Your Daily Fantasy Rx
by Tim Polko
Brooks Conrad, 25, 2B-S
Hopefully the Astros will realize that Conrad offers much more upside on the bench than Eric Bruntlett, especially after this solid AAA campaign. Conrad possesses plenty of plate discipline and sufficient power potential to develop into a starting infielder. A team with less offensive depth than Houston even could consider him a strong contender for regular job now, so if he breaks camp in the majors, definitely consider targeting Conrad during Dollar Days.
Hirsh jumped from deep on the Astros' pitching depth chart to near the top of the club's best prospects with a superb follow-up to his full-season debut in 2004. After only managing a 4.01 ERA on a 96:57 K:BB in 130 IP with 128 H and 8 HR for A+ Salem(Car), effectively dominating the Texas League this summer suggests me could begin succeeding in the majors as soon as next spring. Spending at least some time at AAA Round Rock remains the preferable course of action, but with Roger Clemens gone until no sooner than May and no clear choices for the end of the rotation, Hirsh owns the skills necessary to break camp in the majors. Echoing these numbers during spring training will warrant bids approaching double-digit value as long as you don't mind risking qualitative problems during possible growing pains for the youngster.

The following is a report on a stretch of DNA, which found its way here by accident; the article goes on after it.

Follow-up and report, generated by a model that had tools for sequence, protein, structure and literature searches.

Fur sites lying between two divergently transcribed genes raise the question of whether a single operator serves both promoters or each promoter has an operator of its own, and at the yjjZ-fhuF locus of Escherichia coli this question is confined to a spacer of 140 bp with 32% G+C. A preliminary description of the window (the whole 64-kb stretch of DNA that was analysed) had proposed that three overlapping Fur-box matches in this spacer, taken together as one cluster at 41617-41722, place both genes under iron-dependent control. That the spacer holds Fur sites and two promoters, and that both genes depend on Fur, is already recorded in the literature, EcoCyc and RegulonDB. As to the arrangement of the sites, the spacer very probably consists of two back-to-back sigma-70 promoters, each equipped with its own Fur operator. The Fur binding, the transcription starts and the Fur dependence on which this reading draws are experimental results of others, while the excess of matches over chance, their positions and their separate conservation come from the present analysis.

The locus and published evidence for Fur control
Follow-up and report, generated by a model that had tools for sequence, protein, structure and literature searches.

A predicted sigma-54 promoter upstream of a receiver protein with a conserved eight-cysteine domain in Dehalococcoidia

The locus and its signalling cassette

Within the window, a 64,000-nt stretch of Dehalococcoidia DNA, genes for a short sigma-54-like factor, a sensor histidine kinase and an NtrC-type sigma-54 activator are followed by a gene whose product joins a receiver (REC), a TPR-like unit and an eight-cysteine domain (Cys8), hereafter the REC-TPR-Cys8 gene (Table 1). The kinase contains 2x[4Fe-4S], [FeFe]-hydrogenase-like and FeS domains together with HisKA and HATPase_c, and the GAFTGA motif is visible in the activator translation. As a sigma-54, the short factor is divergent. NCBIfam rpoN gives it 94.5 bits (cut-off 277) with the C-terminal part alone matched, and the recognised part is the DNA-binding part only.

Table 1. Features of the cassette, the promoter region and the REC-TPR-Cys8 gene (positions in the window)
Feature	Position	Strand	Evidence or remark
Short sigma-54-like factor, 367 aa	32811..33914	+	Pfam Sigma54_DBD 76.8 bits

While the Astros clearly rushed Scott to the majors last spring, his effective dominance of the Pacific Coast League and solid skill set in the majors both depict a player deserving of a starting job in 2006. He registered a 4.24 #P/PA and .82 G-F in Houston, suggesting plenty of promise if provided regular at-bats over the rest of this decade. Unfortunately, plenty of reports regarding a new outfield acquisition for the Astros indicate they don't view him as a viable starting option, and even if the club adds no one, Chris Burke and Mike Lamb rank ahead of Scott on Phil Garner's depth chart. I still believe that Scott absolutely warrants late-round consideration if he breaks camp in the majors, but his age and uncertain future render him effectively worthless as more than a fantasy lottery ticket unless his circumstances change in a favorable direction.